Seattle Sounders' DeAndre Yedlin recovers from shaky outing with luck, timely attacking contributions

PORTLAND, Ore.  During DeAndre Yedlin's rise to MLS stardom, one characteristic for which he’s continuously praised has been his ability to keep a level head.

That trait came in particularly handy in the Seattle Sounders’ epic 4-4 tie with the Portland Timbers on Saturday.

Coming off a solid performance midweek for the US national team, Yedlin bore the brunt of a Timbers attack that found a lot of joy on his side of the field as the Sounders found themselves in a 4-2 hole.

Despite the rough start, Yedlin still managed to play a significant role in Seattle’s comeback.

His day took a decided turn in the 65th minute. That’s when Norberto Paparatto rose up on a corner and sent a header that seemed destined to be a goal. But fate intervened.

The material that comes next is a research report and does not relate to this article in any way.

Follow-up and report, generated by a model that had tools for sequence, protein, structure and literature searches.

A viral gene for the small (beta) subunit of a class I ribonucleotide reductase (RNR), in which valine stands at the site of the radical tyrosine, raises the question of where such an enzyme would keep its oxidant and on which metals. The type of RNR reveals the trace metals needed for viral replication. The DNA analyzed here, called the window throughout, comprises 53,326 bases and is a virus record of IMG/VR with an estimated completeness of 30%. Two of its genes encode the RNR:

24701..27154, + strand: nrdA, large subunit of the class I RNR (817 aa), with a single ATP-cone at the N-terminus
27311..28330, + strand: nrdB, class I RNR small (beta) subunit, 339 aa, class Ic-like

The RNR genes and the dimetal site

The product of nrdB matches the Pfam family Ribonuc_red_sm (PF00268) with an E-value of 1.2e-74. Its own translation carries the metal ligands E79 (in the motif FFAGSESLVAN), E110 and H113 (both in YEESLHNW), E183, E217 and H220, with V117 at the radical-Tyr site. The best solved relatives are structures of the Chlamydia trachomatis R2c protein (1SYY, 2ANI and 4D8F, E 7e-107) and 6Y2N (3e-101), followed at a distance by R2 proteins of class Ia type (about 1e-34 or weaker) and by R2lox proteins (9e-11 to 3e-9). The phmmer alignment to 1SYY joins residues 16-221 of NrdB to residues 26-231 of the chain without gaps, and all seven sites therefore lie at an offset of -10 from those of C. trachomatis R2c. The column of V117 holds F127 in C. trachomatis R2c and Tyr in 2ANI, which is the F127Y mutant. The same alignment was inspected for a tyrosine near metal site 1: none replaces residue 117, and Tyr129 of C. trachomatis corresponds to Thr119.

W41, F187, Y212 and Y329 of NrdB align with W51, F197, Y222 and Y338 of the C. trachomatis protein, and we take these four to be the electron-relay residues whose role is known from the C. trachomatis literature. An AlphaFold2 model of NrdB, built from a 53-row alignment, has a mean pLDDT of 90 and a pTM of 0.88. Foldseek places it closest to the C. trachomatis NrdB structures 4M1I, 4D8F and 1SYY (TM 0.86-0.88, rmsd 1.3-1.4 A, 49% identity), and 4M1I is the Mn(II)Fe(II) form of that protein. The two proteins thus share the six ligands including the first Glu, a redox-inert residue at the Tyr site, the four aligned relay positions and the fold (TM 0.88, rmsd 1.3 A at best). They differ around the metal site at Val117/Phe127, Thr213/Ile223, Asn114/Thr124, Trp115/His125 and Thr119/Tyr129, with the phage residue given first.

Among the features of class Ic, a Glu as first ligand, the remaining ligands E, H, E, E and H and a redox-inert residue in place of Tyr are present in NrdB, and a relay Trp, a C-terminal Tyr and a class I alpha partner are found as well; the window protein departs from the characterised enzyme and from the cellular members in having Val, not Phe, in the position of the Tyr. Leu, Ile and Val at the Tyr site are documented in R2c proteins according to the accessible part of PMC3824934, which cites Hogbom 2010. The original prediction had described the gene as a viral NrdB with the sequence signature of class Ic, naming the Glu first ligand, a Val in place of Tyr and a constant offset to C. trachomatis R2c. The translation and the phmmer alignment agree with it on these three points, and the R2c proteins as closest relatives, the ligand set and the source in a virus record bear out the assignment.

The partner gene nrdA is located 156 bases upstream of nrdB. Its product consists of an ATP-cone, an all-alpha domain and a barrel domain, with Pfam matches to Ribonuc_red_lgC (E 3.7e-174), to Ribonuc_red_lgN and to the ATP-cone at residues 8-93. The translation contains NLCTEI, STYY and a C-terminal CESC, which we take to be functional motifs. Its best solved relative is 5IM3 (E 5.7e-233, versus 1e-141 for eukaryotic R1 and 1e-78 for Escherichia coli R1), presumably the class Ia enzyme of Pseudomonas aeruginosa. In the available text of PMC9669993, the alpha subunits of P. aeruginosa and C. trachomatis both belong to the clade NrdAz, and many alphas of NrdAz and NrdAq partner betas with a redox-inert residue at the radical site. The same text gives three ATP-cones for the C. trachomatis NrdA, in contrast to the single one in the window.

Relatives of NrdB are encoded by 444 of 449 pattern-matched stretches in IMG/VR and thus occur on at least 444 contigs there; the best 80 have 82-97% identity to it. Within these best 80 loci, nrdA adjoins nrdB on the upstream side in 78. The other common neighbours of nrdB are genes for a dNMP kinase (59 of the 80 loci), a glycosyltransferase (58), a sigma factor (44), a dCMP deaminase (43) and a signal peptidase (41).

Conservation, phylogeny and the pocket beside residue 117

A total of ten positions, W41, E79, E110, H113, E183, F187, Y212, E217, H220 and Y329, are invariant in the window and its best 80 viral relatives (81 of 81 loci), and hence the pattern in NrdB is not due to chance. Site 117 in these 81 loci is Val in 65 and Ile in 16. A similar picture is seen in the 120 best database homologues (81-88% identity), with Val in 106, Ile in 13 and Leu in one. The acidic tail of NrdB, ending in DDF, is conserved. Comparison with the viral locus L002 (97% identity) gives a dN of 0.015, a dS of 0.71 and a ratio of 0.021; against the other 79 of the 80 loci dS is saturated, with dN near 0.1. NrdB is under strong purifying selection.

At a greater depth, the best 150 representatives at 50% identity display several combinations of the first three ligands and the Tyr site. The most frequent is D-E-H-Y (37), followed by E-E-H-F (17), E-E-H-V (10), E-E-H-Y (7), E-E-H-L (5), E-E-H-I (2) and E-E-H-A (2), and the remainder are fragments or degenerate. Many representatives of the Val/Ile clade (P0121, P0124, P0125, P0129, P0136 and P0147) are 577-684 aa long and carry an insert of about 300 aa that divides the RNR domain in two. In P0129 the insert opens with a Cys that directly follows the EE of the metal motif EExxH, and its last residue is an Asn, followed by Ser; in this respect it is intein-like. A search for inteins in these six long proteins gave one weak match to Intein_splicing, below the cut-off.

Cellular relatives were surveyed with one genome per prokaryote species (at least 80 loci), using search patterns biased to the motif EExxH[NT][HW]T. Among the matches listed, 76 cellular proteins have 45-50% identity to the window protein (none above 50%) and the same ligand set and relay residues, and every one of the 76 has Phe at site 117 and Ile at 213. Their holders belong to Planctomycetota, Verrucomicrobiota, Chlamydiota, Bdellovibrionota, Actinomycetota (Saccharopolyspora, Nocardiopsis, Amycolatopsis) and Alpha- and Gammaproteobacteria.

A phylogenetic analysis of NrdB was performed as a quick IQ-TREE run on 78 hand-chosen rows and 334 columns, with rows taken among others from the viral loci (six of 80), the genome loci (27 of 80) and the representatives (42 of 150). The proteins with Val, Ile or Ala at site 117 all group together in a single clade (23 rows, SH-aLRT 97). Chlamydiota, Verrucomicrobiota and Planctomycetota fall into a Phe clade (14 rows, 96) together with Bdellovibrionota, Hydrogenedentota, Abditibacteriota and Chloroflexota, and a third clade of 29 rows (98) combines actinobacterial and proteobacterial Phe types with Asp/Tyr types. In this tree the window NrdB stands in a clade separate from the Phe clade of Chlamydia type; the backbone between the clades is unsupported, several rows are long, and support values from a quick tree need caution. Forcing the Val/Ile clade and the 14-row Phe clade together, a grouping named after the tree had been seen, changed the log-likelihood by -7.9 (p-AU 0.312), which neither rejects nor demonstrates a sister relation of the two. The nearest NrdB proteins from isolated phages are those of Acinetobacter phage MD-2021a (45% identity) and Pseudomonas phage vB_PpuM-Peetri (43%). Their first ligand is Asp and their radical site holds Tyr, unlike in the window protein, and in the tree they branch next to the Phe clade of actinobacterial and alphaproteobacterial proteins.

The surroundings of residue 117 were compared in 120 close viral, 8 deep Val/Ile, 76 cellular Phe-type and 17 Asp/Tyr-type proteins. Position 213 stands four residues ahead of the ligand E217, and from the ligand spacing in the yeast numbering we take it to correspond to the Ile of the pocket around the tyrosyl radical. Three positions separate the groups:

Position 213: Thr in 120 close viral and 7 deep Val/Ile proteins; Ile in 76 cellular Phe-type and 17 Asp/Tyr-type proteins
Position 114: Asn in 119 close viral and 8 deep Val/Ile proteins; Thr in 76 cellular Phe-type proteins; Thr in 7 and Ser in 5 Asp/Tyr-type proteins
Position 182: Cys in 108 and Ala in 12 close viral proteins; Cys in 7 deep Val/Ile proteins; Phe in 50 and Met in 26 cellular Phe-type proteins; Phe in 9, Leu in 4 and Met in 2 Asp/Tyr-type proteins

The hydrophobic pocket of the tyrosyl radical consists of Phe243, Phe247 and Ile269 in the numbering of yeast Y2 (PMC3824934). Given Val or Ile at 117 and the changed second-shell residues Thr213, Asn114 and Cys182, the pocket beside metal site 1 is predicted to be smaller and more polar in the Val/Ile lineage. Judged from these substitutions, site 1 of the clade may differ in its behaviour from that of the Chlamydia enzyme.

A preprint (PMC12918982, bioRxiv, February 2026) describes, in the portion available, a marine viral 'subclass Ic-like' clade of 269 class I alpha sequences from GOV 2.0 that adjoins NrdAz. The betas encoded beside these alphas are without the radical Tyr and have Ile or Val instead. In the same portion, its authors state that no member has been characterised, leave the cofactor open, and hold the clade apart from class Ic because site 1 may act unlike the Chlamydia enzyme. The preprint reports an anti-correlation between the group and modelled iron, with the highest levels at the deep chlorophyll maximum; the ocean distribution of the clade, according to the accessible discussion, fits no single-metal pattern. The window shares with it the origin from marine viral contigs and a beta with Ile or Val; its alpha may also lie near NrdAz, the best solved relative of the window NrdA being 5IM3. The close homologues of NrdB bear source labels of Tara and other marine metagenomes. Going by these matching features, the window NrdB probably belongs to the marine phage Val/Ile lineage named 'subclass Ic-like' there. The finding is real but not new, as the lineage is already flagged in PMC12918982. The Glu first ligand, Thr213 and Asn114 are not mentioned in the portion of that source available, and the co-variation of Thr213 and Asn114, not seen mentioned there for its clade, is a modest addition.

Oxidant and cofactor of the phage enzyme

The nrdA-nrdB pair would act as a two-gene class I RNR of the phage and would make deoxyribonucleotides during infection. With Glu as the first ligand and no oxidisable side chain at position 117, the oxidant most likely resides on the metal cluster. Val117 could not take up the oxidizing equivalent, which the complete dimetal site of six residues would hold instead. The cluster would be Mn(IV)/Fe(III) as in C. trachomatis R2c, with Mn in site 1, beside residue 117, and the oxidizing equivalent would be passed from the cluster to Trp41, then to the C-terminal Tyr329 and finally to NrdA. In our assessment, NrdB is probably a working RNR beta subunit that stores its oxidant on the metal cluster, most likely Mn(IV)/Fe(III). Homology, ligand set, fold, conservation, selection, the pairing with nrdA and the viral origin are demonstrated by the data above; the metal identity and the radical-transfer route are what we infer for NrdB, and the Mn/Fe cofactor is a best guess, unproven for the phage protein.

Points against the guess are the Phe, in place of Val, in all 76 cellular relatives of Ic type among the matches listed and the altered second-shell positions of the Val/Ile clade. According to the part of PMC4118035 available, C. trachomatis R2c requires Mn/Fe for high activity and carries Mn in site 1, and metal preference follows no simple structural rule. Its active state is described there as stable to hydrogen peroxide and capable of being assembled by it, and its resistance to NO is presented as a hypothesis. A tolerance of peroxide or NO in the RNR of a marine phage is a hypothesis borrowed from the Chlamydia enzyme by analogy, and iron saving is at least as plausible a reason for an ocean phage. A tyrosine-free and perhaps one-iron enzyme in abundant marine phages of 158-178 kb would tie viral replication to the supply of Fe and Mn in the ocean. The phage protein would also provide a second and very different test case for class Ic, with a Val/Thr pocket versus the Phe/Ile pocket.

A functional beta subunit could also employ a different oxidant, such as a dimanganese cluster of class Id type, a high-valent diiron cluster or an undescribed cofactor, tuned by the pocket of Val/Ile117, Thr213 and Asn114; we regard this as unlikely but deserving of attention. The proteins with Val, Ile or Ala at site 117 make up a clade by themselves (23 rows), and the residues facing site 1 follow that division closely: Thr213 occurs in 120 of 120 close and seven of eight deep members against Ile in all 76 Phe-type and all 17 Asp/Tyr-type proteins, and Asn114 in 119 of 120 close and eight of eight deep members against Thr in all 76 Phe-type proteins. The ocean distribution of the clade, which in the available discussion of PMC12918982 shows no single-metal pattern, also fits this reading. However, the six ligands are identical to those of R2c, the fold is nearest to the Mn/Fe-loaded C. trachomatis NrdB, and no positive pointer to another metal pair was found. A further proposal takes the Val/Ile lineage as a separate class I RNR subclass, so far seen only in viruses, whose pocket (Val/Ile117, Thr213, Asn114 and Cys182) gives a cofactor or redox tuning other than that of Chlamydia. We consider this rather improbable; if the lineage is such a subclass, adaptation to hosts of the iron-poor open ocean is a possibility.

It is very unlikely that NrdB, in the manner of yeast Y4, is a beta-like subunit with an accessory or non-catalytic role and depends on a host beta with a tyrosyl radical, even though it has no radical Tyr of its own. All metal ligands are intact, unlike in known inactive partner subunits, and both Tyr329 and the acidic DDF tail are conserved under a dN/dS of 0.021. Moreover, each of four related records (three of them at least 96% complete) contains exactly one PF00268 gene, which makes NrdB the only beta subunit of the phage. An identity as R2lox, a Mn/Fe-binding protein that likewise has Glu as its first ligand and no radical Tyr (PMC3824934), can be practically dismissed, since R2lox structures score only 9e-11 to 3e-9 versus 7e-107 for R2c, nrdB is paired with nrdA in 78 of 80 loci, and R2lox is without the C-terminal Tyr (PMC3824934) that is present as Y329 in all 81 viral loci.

“That was kinda luck,” Yedlin admitted. “I was kinda in the right place at the right time. I thought I hit it in. Luckily it hit off my face and I didn’t really see it. I just saw it go off the crossbar, go off my face and start rolling out.”

Although it was very close, replays seemed to support referee Hilario Grajeda’s decision not to rule it a goal. The Sounders took that turn in momentum and ran with it, eventually tying the game on an 87th-minute penalty by Clint Dempsey.

Yedlin was the one who drew the penalty, racing into the box and taken down by Ben Zemanski.

“I thought this was our last chance so I figured I’d sprint for the ball,” Yedlin said. “I’m glad he touched me because I was trying to draw the penalty either way.”

While the result may have been acceptable, Yedlin was also keenly aware that allowing four goals opens plenty of room for criticism. Yedlin was especially cognizant of how he played when matched up with his former Akron teammate Darlington Nagbe.

“There was times when I was a little over-aggressive with him,” Yedlin said. “He’s a guy that you can’t do that with because he can slip you pretty easily. Sometimes I thought I did OK, sometimes I was in a 2v1 situation and there’s not a lot you can do about that. That’s just stuff we need to get fixed in practice.

"What I can work on on my own is defending players like that because those are the kind of players that at the national level are going to be there every game, maybe even better than that.”